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Devon Travel Guide and Information.

Travel Guide :: England :: Southwest :: Devon

Devon Travel Guide

Places to Visit in Devon


One of England's quaintest harbour towns, little Brixham lies just 15 minutes from Paignton. You'll find all the activity on the harbour with its fishing boats, pleasure yachts and reconstruction of the Golden Hinde.

10 out of 10 stars (1 vote)


A wee village built on a linear plan, Colyford is quiet destination great for those interested in exploring the outdoors. Attractions in Colyford include a trip along the historic Seaton Tramway and Motoring Memories, a museum housed in an old filling station.

8 out of 10 stars (2 votes)


This Saxon town located on the edge of Dartmoor National Park was once famed for its production of silver pennies. Today Lydford is known for the spectacular Lydford Gorge with its Devil's Cauldron and White Lady's Waterfall and Lydford Castle, one of the most notorious prisons in Europe.

9 out of 10 stars (1 vote)


Between bouts of busy tourism, picturesque Lynmouth is a romantic, smuggler's seaside village. The town lies on the shores of the estuary where the East and West Lyn Rivers meet. Its romantic getaway place which was once described by Gainsborough as "the most delightful place for a landscape painter this country can boast".

6 out of 10 stars (13 votes)


Lynton, a popular Victorian resort sits above a gorge overlooking the sea. This isolated little village grew famous during the Napoleonic wars. With overseas travel being deemed too dangerous, tourists turned to the British countryside and found in Lynton an spoilt and an almost foreign landscape. However, the village really made a name for itself with the publication of Lorna Doone in 1869. Blackmore's melodramatic, romantic classic was a popular success which romanticized the outlaw clans who lived in Exmoor during the 17th century.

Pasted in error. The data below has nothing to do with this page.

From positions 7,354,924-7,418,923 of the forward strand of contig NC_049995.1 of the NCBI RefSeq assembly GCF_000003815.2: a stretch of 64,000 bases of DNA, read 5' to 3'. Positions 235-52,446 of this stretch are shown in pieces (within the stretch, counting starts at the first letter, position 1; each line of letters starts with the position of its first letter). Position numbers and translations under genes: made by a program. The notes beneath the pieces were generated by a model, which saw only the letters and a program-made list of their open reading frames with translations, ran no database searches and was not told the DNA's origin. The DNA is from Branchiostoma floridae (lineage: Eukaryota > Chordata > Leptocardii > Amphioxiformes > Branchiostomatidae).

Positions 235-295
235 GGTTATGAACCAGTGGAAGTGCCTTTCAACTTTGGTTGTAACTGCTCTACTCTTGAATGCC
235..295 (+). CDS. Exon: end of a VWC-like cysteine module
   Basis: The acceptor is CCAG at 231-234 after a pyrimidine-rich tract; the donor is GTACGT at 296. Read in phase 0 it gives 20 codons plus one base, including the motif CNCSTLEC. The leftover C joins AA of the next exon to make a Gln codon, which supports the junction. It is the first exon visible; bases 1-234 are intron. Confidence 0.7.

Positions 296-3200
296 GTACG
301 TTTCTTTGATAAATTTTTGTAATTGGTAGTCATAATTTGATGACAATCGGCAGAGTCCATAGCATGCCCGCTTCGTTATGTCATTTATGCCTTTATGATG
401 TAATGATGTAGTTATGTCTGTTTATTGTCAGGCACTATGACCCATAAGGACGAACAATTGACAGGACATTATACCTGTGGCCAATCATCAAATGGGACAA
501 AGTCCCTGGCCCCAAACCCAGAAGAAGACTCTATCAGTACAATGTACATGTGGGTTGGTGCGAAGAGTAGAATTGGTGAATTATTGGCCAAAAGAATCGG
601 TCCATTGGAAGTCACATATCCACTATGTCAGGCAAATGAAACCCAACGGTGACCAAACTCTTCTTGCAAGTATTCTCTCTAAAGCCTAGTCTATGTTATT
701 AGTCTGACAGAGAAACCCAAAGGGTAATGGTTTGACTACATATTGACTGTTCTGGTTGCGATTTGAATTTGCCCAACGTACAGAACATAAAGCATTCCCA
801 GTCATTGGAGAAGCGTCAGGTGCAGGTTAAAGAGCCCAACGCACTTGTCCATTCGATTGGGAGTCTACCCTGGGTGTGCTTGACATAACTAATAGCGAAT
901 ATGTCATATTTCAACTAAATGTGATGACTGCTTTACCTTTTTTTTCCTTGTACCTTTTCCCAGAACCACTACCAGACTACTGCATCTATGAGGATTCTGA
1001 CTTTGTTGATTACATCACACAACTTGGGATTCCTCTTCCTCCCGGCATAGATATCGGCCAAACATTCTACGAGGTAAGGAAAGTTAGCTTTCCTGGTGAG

9 out of 10 stars (2 votes)


Enclosed by low red cliffs, Paignton plays a much softer tune than its boisterous neighbour Torquay. An ideal location for a family holiday, Paignton boasts some of Devon's top attractions.

8 out of 10 stars (3 votes)


Walk in the footsteps of historic icons such as Sir Francis Drake, Captain Cook and the Mayflower Pilgrims. Historic Plymouth is centred around the Tudor Barbican and most of Plymouth's attractions are concentrated here. Nearby, Plymouth Hoe is a relaxing spot overlooking the beautiful Plymouth Sound.

4 out of 10 stars (2 votes)


A coastal resort predominantly Victorian in architecture, Seaton is best known for the Seaton Tramway, a narrow gauge railway which heads inland towards Colyford. Situated between Sidmouth and Lyme Regis, Seaton makes a great base for exploring the World Heritage Jurassic Coast.

2 out of 10 stars (2 votes)


An elegant seaside town, Sidmouth lies in a valley enclosed by red sandstone cliffs. The town is noted for its beautiful floral displays and wealth of architecture - you'll find over 500 listed buildings within its winding streets.

9 out of 10 stars (2 votes)


A little village in West Devon, Sourton boasts the unique Highwayman's Inn. Much more than a pub or B&B, this inn is a wonderful treasure trove of curiosities with hidden delights round every nook and cranny.

10 out of 10 stars (1 vote)


The central town on the western moor, Tavistock is a delightful little town dominated by 19th century architecture. A market town for over 900 years, Tavistock was awarded Best Market Town in Britain in 2004.

9 out of 10 stars (12 votes)


The little, isolated village of Torcross lies just 8 miles from Dartmouth in a designated Area of Outstanding Beauty in South Hams. A unique spot, Torcross lies on a narrow strip of land with the freshwater lake of Slapton Nature Reserve on one side and the shingle beach of Start Bay on the other.

9 out of 10 stars (13 votes)


A stylish resort home to that British classic, Fawlty Towers, Torquay is a premier seaside destination in the heart of the English Riviera. Renowned for its beaches, blue seas and palm trees, a trip to Torquay will take you out of England and into the Mediterranean.

5 out of 10 stars (5 votes)


Lying on the banks of the River Dart, Totnes presents an intriguing mixture of history and new age trends. This ancient river port town has a vibrant atmosphere which belies its age. Street entertainers, markets and a New Age culture merge happily with its steamer quay, Elizabethan architecture, Norman castle and range of listed buildings.

6 out of 10 stars (7 votes)